Tuesday, March 18, 2014

As you pass by

Epitaph in Canterbury Cathedral of Edward of Woodstock, Prince of Wales, Duke of Cornwall, Prince of Aquitaine, eldest son of King Edward III of England.  He died in 1399, one year before his father, leaving a minor son to inherit the throne.

Such as thou art, sometime was I.
Such as I am, such shalt thou be.
I thought little on th'our of Death
So long as I enjoyed breath.
But now a wretched captive am I,
Deep in the ground, lo here I lie.
My beauty great, is all quite gone,
My flesh is wasted to the bone.

This epitaph was paraphrased frequently in later years, and I saw it myself on a gravestone dating to the eighteenth century:

Behold, O man, as you pass by,
As you are now, so once was I.
As I am now, you soon must be.
Repent, prepare to follow me.

Most of this past weekend was spent at the Northwest Coin Club’s annual Money Show.  I had volunteered to collect donations from the vendors for Sunday’s Youth Auction – and to serve as a “spotter” at the auction.  Between times, I sat at a long table in the “Bourse Room” – where coin vendors plied their trade – to answer questions.  I brought my laptop along and got some writing done.  I also bought three coins.  In ascending price they were a 2013 Sacegewea dollar, the one with a turtle, turkey and wolf on the reverse (I’ve been looking for that particular issue for over a year); a silver Peace Dollar, the one with the lovely young woman’s head on the obverse (face); and a King James I of England shilling.  (James was born in 1566 and a year later became King James VI of Scotland.  He succeeded to the English crown on the death of Elizabeth I in 1603.  He died in 1625.  James sponsored the translation of the Bible that is named after him.)  I also continued my education on the Morgan silver dollar, and will use it in the book I’m writing.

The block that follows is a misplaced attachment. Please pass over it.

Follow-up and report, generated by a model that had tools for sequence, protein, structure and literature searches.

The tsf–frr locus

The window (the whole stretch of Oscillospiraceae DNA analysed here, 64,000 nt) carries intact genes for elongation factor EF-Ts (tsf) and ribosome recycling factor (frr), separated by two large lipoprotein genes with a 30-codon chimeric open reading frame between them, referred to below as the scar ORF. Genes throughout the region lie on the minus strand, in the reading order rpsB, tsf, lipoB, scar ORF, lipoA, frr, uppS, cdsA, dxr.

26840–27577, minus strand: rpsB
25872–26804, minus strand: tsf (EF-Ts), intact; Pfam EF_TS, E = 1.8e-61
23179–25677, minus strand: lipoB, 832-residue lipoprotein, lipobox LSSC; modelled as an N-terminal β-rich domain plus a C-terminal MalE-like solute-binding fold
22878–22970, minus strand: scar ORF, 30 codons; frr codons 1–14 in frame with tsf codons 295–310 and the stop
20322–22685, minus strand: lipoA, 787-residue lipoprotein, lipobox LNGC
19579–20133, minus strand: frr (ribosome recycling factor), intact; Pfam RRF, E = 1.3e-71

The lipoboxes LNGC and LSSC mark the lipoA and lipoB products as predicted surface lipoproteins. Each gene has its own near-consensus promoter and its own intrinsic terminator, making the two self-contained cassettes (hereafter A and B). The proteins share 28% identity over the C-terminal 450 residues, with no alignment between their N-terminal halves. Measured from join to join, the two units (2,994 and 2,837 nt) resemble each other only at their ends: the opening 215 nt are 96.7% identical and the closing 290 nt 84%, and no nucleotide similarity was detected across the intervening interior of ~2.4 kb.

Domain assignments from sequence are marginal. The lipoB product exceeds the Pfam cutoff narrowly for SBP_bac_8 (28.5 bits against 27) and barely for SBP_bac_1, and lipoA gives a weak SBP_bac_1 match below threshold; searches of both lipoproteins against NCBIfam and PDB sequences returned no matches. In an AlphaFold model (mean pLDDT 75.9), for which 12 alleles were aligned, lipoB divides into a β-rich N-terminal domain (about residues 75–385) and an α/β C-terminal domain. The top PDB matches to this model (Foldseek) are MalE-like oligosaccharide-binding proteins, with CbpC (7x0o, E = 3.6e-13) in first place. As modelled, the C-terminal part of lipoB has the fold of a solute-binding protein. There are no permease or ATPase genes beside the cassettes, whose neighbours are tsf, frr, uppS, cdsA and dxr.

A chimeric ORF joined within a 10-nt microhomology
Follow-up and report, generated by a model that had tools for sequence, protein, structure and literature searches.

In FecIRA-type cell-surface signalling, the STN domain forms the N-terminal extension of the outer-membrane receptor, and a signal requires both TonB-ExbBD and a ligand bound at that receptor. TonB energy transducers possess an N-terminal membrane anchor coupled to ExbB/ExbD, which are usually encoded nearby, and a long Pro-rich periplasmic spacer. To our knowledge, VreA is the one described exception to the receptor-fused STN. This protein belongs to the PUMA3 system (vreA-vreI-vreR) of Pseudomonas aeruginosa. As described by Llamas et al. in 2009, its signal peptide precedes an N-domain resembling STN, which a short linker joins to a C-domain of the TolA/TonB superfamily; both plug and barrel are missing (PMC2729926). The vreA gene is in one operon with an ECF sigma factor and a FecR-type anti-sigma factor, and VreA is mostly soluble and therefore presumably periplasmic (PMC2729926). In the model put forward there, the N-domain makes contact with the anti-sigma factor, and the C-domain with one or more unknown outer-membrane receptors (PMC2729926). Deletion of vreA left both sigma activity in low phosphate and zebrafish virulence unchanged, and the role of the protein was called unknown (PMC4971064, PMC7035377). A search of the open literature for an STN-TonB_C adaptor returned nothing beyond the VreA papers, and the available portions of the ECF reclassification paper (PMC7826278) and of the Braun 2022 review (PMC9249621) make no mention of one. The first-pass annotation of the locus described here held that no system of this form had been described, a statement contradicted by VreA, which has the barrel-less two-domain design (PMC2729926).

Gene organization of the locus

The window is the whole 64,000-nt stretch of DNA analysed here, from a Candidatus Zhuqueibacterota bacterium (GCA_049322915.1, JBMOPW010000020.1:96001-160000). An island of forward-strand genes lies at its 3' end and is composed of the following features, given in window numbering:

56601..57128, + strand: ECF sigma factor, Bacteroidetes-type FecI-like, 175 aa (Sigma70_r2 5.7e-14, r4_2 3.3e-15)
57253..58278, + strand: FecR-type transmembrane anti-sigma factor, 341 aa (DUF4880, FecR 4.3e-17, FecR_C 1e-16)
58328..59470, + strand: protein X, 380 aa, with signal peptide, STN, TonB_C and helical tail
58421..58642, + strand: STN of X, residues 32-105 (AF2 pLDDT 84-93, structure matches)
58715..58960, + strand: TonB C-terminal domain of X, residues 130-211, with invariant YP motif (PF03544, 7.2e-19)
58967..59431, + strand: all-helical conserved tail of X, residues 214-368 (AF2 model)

Another buy: I stopped at an antique store in Minneapolis and bought a small lidded Chinese box made of cinnabar – another item that will be featured in the book.  Well, the one in the book is bigger, much older, and far more costly than the little thing I bought.  But I needed to get a close-up look at some cinnabar, and our Institute of Arts, while they have some, would not let me handle any of it – and I needed to actually touch it for the book  The box I bought is about four and a quarter inches long, three and a quarter wide and maybe one and a half inches deep.


Linda O. Johnston said...

You do feature some interesting things in your books, Monica--and what a great excuse to buy examples!

Monica Ferris said...

Linda, I often think I have learned more about real things by reading and writing fiction than in any other way!

Betty Hechtman said...

Monica, I have a whole collection of stuff I've bought because I was going to feature it in a book including a small globe embedded with different stones for the assorted countries. In Dead Men Don't Crochet, it was a murder weapon.

The cinnabar box is beautiful and I'm sure having it to look at and touch will be a great help in writing about it.

Monica Ferris said...

When I was writing the Peter Brichter series, I bought something pertinent for each book. One was a hoof knife, which has a hooked blade, and was the murder weapon. I is very helpful to actually handle an item described in a book.

Anonymous said...

Will the box design feature in the book's needlework project?

Monica Ferris said...

No, Anonymous, the design for this book is going to be the crochet lace edging on the handkerchief Betsy gets in the mail - long story.

Helen said...

Hi Monica, A popular graffiti addition to the paraphrased epitaph here in the UK is:-
" To follow you I'd be content
If I could know which way you went,"